He played in R&B bands then as well, integrating jazz sensibility into what became known as the Seattle Sound with such artists as Dave Lewis, as well as Jimmy Hanna of Dynamics fame.

"When I was sixteen, I was starting to figure it out, and we did this album. Jimmy Hanna Band," recalls Thomas.

The band played an eclectic mix of R&B, jazz, blues and rock, and backed many touring acts passing through the Pacific Northwest. The personnel was remarkable as well, including soon to be jazz star Larry Coryell on guitar, and trumpet ace Mark Doubleday.

Still a high school junior, Thomas began to gain a reputation as a formidable player, with a deep connection to the blues expressed through a style often described as melodic and lyrical. His probing style on trumpet began to reflect the progressive changes in jazz largely due to saxophonists like John Coltrane. Thomas began interpreting those sounds while on the bandstand playing within other musical forms.

His first taste of nightlife as a professional was at the House Of Entertainment in Pioneer Square. He recalls, "My first steady gig was at the House of Entertainment, at Occidental and Washington. It was open from 11PM until 4 AM. I was a junior in high school. This was dance stuff. We improvised for days. We loved Coltrane and stuff like that. We'd be playing, and there'd be some vamp, and the old guys would be looking at me saying, 'Wow, what kind of a scale is that?' Ron Soderstrom was instrumental in getting me gigs. He got me the gig at the House of Entertainment. I played with Jimmy Pipkins and the Boss Five. We had a hit they were playing on the black radio station called "Walkin' The Duck." Can you imagine that?"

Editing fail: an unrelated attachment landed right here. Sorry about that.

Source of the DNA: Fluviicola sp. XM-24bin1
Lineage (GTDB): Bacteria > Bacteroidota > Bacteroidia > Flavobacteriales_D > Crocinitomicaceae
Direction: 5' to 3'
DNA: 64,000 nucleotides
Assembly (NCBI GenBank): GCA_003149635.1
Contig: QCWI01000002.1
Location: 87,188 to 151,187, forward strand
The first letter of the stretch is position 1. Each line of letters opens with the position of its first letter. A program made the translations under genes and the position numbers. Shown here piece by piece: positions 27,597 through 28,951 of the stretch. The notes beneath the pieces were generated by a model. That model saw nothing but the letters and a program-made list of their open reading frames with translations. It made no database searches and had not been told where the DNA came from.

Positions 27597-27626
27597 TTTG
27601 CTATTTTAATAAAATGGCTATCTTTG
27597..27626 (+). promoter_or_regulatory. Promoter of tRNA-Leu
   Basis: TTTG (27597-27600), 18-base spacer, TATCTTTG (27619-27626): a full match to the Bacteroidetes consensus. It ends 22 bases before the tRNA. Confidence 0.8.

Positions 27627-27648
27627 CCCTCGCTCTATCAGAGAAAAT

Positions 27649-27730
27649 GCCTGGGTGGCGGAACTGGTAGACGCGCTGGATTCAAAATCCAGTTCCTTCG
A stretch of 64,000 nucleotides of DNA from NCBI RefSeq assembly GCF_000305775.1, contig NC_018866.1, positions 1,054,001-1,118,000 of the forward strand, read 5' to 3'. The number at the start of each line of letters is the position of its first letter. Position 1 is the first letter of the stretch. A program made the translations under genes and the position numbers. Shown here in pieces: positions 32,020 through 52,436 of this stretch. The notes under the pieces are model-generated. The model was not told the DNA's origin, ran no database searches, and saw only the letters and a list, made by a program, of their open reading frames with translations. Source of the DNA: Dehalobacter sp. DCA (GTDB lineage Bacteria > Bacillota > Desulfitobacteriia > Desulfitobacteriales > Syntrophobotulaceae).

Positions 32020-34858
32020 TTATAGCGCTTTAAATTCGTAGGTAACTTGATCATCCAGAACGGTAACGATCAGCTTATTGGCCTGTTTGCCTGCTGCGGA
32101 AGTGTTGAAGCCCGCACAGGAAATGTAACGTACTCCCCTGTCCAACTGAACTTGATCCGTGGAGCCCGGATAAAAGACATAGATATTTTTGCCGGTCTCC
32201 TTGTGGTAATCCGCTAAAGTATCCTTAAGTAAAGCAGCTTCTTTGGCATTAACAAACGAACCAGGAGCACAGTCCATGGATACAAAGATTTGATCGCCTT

Thomas was surrounded by older musicians of every sort, defining a unique musical crossroads in Seattle between jazz, R&B, rock and soul music. Hammond B-3 master Dave Lewis, who played not only a prominent role musically but was largely responsible for the integration of Seattle's formerly segregated musicians unions, was among the now historic artists who took a chance on the young Thomas. He saw the budding talent within. B-3/ trumpet master Sarge West, who essentially taught Larry Coryell how to play, was a major influence as well.

"The best lessons I ever had were from a guy named Mike Mandle, an organ player from Seattle. He played in Larry Coryell's Eleventh House. He was so great. Now he does all the music for Ellen Degeneres, and lives in New York. He taught me "Blind Man, Blind Man" down at the Black and Tan. I became his student in high school. He had no teaching materials. I had to learn it from him, which was good," recalls Thomas. That process of learning via the oral tradition, would eventually influence his approach as a mentor as well.

Thomas cites saxophonist/vocalist/comedian Gerald Brashear as an important figure not only in his personal journey, but as a major contributor to the jazz lineage in Seattle.

"I played a couple gigs with him when I was sixteen. He also came in and terrorized me when I was on Dave Lewis' band," says Thomas. Brashear brandished his amazing triple-tongue technique on saxophone and voice, giving a young Thomas a seemingly impossible standard to strive for.

"He could triple tongue on the tenor. People talk about Jazzmeia and how good she is, and she is. But these guys were fifty times better. He could do stand up comedy, he could have been real famous. Instead he went to McNeil Island for drug use. That's a civil rights issue. On tenor, he did some triple tonguey things, he was so fast. Singing, you could transcribe it, it was all notes. It wasn't barnyard stuff. Nobody triple tongues on a sax. Gerald did," says Thomas.